By Lisa Schmidt
Increasingly over the past few years, I find myself more and more drawn to the idea of feasting and fasting as part of a larger rhythm of life. We have so much to rejoice in as Christians and the reality of the Gospel is something to celebrate. God is too amazing to be only celebrated at Christmas and Easter.
I love the idea of sharing a meal with others in a spirit of celebration and deep gratitude to God for His faithfulness as a regular practice of our Christian walk. Rich meats, fine wine enjoyed in the company of others with a spirit of celebration and an eye to one day when we will celebrate with believers from every time and place in the presence of our risen King – this is something to get excited about! Feasting is also a great way to be missional in your neighborhood – everyone loves a party.
Fasting, however, is a little harder for me to get excited about. In the past, I had primarily thought of fasting as either a way to make the feast more festive (celebrating Easter takes on a whole new meaning when you’ve spent six weeks journeying through Lent), or as a way of practicing self-control and remembering that I do not live on bread alone.
And while I still believe that this is true, my eyes have recently been opened to the fact that biblical fasting focuses less on the results of fasting, and more on the circumstances which bring about the fasting. Scott McKnight in his book Fasting, states: “The focus in the Christian tradition is not ‘if you fast you will get’ but ‘when this happens, God’s people fast.’”
Barry Jones in his book Dwell: Life with God for the World lists some examples of why God’s people fast in the Bible: loss in battle (Judges 20:26), relief from famine (Jeremiah 14:1-12; Joel 1:14), the death of a leader (1 Samuel 31:13; 1 Chronicles 10:12; 2 Samuel 1:12), personal sorrow (1 Samuel 1:7-8; Job 3:24; Pslam 42:1-5), the sin of the community (Daniel 9:3-14; Nehemiah 1:4-7), and personal sin (2 Samuel 12:16-23; 1 Kings 21:27-29). Put simply, God’s people fasted in response to the brokenness of the world. Barry Jones goes on to say: “Fasting is the way we engage our bodies in protest against the vandalism of shalom.”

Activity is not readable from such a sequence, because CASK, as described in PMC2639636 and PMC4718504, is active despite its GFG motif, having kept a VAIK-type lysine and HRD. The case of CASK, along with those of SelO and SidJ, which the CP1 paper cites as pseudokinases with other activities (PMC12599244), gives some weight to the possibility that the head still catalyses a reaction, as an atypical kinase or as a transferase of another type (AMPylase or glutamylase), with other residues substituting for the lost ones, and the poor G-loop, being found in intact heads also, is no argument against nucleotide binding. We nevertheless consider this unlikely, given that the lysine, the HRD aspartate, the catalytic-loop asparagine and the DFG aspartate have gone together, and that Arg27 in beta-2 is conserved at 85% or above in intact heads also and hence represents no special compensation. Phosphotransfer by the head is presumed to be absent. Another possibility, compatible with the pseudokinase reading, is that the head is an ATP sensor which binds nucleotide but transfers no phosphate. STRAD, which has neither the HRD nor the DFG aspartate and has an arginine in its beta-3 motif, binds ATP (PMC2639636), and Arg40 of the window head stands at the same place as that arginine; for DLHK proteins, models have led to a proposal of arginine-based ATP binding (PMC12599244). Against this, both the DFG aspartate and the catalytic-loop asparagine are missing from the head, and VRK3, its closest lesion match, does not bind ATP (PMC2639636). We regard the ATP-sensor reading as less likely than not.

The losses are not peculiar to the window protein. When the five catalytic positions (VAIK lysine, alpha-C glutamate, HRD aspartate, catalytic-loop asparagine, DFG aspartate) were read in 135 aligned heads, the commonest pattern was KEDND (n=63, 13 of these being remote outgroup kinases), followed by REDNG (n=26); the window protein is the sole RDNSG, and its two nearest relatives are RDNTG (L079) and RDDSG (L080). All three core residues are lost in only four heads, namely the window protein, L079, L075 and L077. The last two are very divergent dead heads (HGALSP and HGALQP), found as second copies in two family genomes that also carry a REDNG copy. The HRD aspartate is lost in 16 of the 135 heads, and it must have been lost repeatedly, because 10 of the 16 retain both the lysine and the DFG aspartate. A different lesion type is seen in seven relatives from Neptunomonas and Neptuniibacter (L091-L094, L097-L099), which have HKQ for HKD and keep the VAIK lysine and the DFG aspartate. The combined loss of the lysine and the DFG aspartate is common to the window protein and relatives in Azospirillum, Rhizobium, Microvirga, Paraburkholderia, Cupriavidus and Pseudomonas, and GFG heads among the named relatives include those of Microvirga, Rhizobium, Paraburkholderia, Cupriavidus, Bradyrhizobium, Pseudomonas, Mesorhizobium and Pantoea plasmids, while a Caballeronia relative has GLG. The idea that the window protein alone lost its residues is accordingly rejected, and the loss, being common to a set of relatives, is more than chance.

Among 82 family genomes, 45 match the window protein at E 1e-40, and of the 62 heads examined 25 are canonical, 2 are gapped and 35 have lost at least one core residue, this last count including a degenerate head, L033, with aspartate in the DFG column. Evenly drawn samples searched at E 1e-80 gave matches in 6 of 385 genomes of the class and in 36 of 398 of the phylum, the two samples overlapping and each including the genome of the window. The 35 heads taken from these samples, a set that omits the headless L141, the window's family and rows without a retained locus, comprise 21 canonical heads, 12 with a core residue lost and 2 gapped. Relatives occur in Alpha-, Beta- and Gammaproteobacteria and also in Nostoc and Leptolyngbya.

When faced with the brokenness of this world, we often want to look away or to try and find a way to fix it. When we take either (or both) of those options, we miss out on a third option – grieving this “vandalism of shalom,” by fasting and praying. While there are certainly times of celebration in our lives as our God is a joyous God, there are also times to weep and mourn as our God weeps and mourns.
Barry Jones also opened my eyes to the fact that fully half of the references in Scripture to fasting pertain to fasting together in community. What would happen if we as God’s people expressed, in a physical way, together, our sadness at the current injustice of the world and our deep longing for the world to come more fully under the reign of our Lord Jesus Christ?
The Missional Strategies Team at Oak Hills will be fasting on Wednesday June 20th – World Refugee Day – as a response to the global and local injustices being committed against refugees. We would love for you to join us.
You can also join us by praying, along with others around the world, this prayer written by Mark Koenig the Director of Presbyterian Ministry at the United Nations:
God of the journey,
We remember that Mary and Joseph Had to flee to Egypt,
Taking Jesus to safety,
Leaving home behind.
We pray for sisters and brothers
Around your world Who are forced to leave their homes.
We pray for brothers and sisters who are
Driven from home by natural disasters.
We pray for sisters and brothers who are
Driven from unnatural acts of violence and persecution.
We pray for brothers and sisters who are
Driven from home because of inadequate responses to natural events.
We pray for those who leave their countries and cross borders.
We pray for those who are internally displaced,
Finding new places to live within their own country.
We pray for those who are exposed to freezing cold and searing heat,
Those who lack food, water, shelter, and other necessities of life,
Those who are exploited, violated, and abused, and
Those who mourn the loss of place and all that brings.
We give thanks for the strength, courage, and grace of our sisters and brothers
Who are refugees or internally displaced.
We give thanks for the contributions they make in their new places
And for the ways in which they enrich our lives.
Guide the leaders of the world to find creative ways to respond,
To extend protection and provide safe haven,
To care compassionately and respectfully for the needs of our sisters and brothers,
To address the situations and circumstances that force people to leave their homes.
To do justice and to seek peace.
Show us ways that we can support our brothers and sisters whom we encounter.
Inspire us to engage in the efforts to create a world
In which all have a safe place to call home.
We pray in the name of the refugee Jesus,
We feast because the Kingdom of God has come, and we fast because it has not yet come into its fullness. We feast because Jesus has come, and we fast waiting for him to return to make all things right. I believe that both of these are an important part of our walk with God, and a key to understanding more fully God’s heart for the world that He loves. Come, Lord Jesus, come.
**If fasting is something new you, consider looking at the chapter on Fasting from Richard Fosters book, Celebration of Disciplines. Or here is a link to an excerpt from his book. http://www.thelighthouse.org.za/wp-content/uploads/2011/01/Fasting-Booklet.pdf
If a food fast is not something you can do for health reasons, you may consider fasting from a favorite food or daily activity.